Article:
If you are thinking about investing in a table saw for your workshop, there are many factors to take into account. Do you want a mobile version or one that won’t be moved around? What kind of stock will you be cutting? And how much money are you willing to spend?
One of the most important considerations you will have to deal with is the type of motor the tool contains. You need to get this right because unlike many other features, it’s not something you can upgrade easily later. To help, here we look at able saw motor types – which is best?
Two types of motor
There are two basic types of motor – direct drive and belt drive. Before we can talk about which is best, let’s look at how they differ and think about the relative advantages and disadvantages of each type.
Direct-drive motors are ones where the blade is attached directly to the motor that turns it. This results in a more efficient system since less of the energy produced by the motor is lost.
However, despite this higher efficiency, direct-drive motors actually produce less power than belt-drive motors.
Direct-drive motors are smaller than belt-drive motors as well as being lighter. This makes them more common in smaller table saws like jobsite table saws. They are also cheaper, making the table saws containing them cheaper overall.
These smaller, less powerful motors have the advantage of being quieter, and they also produce less vibration.
One other advantage they have is that since there is no belt to replace, they require less maintenance. However, because the motor is closer to the blade, they can become clogged with sawdust more easily, potentially causing them to burn out.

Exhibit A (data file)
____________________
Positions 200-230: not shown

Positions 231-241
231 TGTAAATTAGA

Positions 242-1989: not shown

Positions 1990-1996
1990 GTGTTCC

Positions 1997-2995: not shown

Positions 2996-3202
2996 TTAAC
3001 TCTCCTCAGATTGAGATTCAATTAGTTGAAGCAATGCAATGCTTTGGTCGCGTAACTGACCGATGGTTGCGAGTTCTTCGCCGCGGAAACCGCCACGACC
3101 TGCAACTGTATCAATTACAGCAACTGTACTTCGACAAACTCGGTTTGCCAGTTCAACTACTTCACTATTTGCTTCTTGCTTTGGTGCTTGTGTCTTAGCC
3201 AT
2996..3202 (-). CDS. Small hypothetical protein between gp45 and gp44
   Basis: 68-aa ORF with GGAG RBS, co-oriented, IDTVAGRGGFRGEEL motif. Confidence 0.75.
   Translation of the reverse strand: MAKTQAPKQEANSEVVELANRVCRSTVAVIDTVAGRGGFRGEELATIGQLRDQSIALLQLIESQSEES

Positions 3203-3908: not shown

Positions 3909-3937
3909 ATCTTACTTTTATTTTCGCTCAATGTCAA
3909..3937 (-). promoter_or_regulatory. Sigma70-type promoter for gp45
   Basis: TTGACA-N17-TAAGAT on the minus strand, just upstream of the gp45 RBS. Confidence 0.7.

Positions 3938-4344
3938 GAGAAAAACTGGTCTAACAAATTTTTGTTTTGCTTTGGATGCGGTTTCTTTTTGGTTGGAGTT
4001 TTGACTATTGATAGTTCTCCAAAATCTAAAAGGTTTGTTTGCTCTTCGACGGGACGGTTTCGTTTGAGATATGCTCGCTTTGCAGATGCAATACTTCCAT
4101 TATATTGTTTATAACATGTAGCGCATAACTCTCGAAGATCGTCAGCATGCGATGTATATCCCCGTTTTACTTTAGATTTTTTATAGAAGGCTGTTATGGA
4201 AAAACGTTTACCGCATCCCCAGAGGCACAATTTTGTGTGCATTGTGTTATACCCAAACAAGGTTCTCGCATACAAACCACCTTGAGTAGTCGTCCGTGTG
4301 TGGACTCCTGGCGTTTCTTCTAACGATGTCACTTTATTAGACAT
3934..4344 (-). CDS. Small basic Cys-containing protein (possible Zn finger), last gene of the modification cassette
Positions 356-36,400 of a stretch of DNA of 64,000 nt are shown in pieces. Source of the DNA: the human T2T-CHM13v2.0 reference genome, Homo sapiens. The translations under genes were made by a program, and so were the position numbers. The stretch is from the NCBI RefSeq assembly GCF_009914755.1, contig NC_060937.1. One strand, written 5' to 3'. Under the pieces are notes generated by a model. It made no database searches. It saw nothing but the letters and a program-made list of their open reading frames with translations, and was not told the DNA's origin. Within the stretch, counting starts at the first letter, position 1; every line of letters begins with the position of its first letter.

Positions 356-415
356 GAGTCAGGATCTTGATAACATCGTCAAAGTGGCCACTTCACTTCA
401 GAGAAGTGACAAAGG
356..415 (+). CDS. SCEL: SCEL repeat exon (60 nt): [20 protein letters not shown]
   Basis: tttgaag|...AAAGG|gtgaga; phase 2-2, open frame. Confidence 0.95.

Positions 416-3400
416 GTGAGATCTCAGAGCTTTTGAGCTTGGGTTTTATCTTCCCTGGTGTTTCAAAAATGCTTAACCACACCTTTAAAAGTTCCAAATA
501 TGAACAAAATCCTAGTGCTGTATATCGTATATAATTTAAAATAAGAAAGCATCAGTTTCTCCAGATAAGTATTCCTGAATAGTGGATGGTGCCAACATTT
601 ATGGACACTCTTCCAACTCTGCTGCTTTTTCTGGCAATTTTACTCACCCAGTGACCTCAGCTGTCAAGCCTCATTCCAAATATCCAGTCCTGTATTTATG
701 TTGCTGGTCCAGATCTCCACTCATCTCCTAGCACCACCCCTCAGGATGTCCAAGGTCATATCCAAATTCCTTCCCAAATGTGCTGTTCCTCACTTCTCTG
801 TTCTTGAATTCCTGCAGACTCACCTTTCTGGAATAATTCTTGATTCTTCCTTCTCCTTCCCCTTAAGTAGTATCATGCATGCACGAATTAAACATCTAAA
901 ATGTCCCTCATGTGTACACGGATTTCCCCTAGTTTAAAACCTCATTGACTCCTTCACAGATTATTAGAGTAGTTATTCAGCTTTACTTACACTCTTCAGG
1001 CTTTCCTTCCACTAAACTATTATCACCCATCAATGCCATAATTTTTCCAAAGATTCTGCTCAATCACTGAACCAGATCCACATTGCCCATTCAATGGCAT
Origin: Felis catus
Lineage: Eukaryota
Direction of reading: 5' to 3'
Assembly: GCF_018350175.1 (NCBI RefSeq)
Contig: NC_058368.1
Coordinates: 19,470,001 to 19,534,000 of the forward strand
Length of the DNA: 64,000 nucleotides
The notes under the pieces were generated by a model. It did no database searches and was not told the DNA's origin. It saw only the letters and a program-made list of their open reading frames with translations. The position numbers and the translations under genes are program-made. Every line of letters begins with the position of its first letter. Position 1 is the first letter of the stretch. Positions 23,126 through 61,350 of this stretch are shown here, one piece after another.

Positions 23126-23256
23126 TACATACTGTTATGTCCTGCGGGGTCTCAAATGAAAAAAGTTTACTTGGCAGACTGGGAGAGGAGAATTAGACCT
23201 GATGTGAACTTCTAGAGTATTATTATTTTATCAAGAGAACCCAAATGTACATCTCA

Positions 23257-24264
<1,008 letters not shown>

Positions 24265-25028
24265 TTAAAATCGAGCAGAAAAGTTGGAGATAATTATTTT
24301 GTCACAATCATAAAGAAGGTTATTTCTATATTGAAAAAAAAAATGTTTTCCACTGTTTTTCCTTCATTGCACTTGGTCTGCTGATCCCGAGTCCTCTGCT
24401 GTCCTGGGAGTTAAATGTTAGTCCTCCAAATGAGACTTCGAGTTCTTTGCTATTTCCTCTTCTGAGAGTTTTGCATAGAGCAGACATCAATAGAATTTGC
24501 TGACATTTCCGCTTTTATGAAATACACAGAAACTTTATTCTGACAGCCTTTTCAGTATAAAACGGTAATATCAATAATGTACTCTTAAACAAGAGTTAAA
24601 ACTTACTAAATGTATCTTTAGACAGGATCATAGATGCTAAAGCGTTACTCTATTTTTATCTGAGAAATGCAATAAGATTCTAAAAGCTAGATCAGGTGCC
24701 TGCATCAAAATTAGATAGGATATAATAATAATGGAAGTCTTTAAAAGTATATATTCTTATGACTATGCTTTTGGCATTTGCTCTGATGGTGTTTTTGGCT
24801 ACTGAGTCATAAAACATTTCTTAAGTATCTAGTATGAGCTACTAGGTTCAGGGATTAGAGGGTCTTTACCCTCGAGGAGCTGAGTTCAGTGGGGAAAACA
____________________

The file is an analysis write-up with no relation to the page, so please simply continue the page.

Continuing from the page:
Advantages of direct-drive motors
- Less vibration
- Less maintenance
- Higher efficiency
Disadvantages of direct-drive motors
- Less power
- More easily clogged with sawdust
The blade in a belt drive table saw is driven by a pulley-driven v-belt attached to the motor rather than directly by the motor itself. Despite having lower efficiency due to the energy lost through this kind of system, they produce more power overall as well as more torque.
They are larger than direct-drive motors and are also heavier. For this reason, they are more commonly found in the bigger, stationary types of table saw, including contractor table saws, hybrid table saws, and cabinet table saws.
Due to the increased power and torque, they are capable of producing cleaner, more accurate cuts and so are the preferred choice of professionals in the workshop.
The belt-drive system is noisier than a direct-drive system and also produces more vibration. However, the increased vibration is negated to some extent by the fact they are usually found in larger, heavier table saws.
Another downside is that they require more maintenance. This is because the belt that drives the blade eventually wears out and will periodically need replacing.
However, since the motor is located further from the blade, there is less chance of the motor becoming clogged by sawdust, one advantage this type of motor has over direct-drive systems.
Due to the extra power, there is an increased possibility of more violent kickback, although this is something you have to accept if you need to use a more powerful tool.